BIO: Alexis Vasilikos is an Athens-based fine art photographer and the co-editor of Phases Magazine, an online publication that focuses on international contemporary photography.
His photographic practice is often associated with meditation and revolves around the perceived poetry of everyday life.
Here, Far Out catches up with Alexis to discuss everything behind his thought process:
Regarding your most recent project ‘Reflections on the Interbeing’ – what does the term ‘Interbeing’ actually mean to you?”
I came across the term ‘Interbeing’ recently and I found out that it was created by the Buddhist monk Thich Nhat Hanh, initially I thought it was synonymous with the concept of interconnectedness, but then I had a closer look and I found this:
‘The observation that we ‘inter-are’, while true and poetic is not really the most important element of ‘Interbeing’. The important part is the realisation that there is no independent self – that the perception of self – of ‘me’, of ‘mine’ is an illusion. Awareness that ‘I’ am made of ‘non-I’ elements leads to the understanding of non-self and it is the realisation of non-self that brings an end to suffering.’
“The reason why this interpretation of the term is so interesting for me is because it poses a few questions that I think quite often in relation to photography, such as: Can we ever go beyond the point of view of the separate self, therefore beyond a story-based perceiving?
“Is there a seeing in which the observer and the observed are not understood as two separate entities? Also, what is the significance of this, how does it affect our perception? Does it mean the loss of qualitative discrimination?”
I find a lot of symmetry in your work – also a lot of secrecy, even in shots including people. Is this something that you’re aware of? If so, can you elaborate?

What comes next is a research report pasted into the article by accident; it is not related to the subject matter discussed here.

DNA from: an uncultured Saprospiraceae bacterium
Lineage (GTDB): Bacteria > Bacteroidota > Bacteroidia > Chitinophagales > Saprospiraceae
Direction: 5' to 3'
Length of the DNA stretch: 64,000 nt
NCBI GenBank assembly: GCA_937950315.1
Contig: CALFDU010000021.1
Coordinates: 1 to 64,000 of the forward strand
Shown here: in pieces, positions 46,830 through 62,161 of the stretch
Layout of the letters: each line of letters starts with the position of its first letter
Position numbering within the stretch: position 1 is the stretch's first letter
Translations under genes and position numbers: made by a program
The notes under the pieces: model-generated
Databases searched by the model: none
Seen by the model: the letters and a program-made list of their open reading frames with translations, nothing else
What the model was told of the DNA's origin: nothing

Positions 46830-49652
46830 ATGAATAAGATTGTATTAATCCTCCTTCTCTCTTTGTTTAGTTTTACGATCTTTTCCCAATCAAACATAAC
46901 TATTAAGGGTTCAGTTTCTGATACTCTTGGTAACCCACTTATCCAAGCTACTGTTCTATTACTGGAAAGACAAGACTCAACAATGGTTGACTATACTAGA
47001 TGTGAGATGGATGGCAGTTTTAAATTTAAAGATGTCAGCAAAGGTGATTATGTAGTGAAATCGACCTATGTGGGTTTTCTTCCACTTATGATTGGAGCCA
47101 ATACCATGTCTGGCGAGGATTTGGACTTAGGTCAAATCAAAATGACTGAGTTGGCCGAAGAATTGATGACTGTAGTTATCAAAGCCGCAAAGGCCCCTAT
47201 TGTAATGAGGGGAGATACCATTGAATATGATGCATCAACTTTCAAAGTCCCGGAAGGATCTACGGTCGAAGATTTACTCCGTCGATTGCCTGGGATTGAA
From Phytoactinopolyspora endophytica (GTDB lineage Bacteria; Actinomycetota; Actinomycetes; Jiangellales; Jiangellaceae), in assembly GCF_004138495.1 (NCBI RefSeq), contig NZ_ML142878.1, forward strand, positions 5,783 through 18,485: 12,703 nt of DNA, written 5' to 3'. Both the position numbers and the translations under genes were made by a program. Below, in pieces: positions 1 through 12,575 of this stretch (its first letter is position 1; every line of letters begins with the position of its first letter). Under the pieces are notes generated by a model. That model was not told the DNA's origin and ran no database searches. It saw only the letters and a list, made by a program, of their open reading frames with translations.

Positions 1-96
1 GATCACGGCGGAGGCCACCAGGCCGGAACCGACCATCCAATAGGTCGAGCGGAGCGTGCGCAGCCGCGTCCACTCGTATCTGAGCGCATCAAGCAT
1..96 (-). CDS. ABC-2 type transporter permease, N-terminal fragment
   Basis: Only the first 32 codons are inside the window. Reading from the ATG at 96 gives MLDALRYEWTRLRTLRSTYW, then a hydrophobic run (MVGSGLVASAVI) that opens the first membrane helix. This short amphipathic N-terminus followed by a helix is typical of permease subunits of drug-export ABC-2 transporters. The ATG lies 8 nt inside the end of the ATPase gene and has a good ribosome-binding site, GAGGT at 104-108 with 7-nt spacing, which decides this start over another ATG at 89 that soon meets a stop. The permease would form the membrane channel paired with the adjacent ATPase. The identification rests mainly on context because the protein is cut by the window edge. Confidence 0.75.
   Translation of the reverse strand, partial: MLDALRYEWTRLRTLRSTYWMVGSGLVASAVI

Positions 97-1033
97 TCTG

“Symmetry yes, but secrecy I’m not sure what you mean. There is a form of curiosity that images induce in the mind; a form of hide and seek between the seen and the unseen.
“If this is what you mean by secrecy, then yes definitely this an aspect of the creative force of fine art photography – to remind the world that it’s a magical place and to reveal some of its magic.”How did you get into photography? Do you find yourself on photograph missions? Or do these shots happen by carrying a camera around with you?
“I started taking photos whilst I was studying Art History in Italy around 1996 and it soon became an everyday practice.
“I see my practice as a form of meditation and by that I mean – a way to bring the mind back to silence rather than express my thoughts with it; mostly my practice revolves around long walks in the cities.
“Yes the photographs are more like spontaneous responses to what occurs naturally although I do like to construct images from time to time.”As we’re primarily a music magazine – what music do you think would accompany your work best?
“Here is a playlist I made a couple of days ago for a friend, I don’t know if it relates to my photographs but it’s a selection of musical works that i enjoy listening to. I hope you’ll enjoy it!”
Thanks Alexis, I sure will. I hope you find exactly what you’re looking for out there.
Check out more of Alexis’s work on his website.
All images courtesy of CAN Christina Androulidaki Gallery.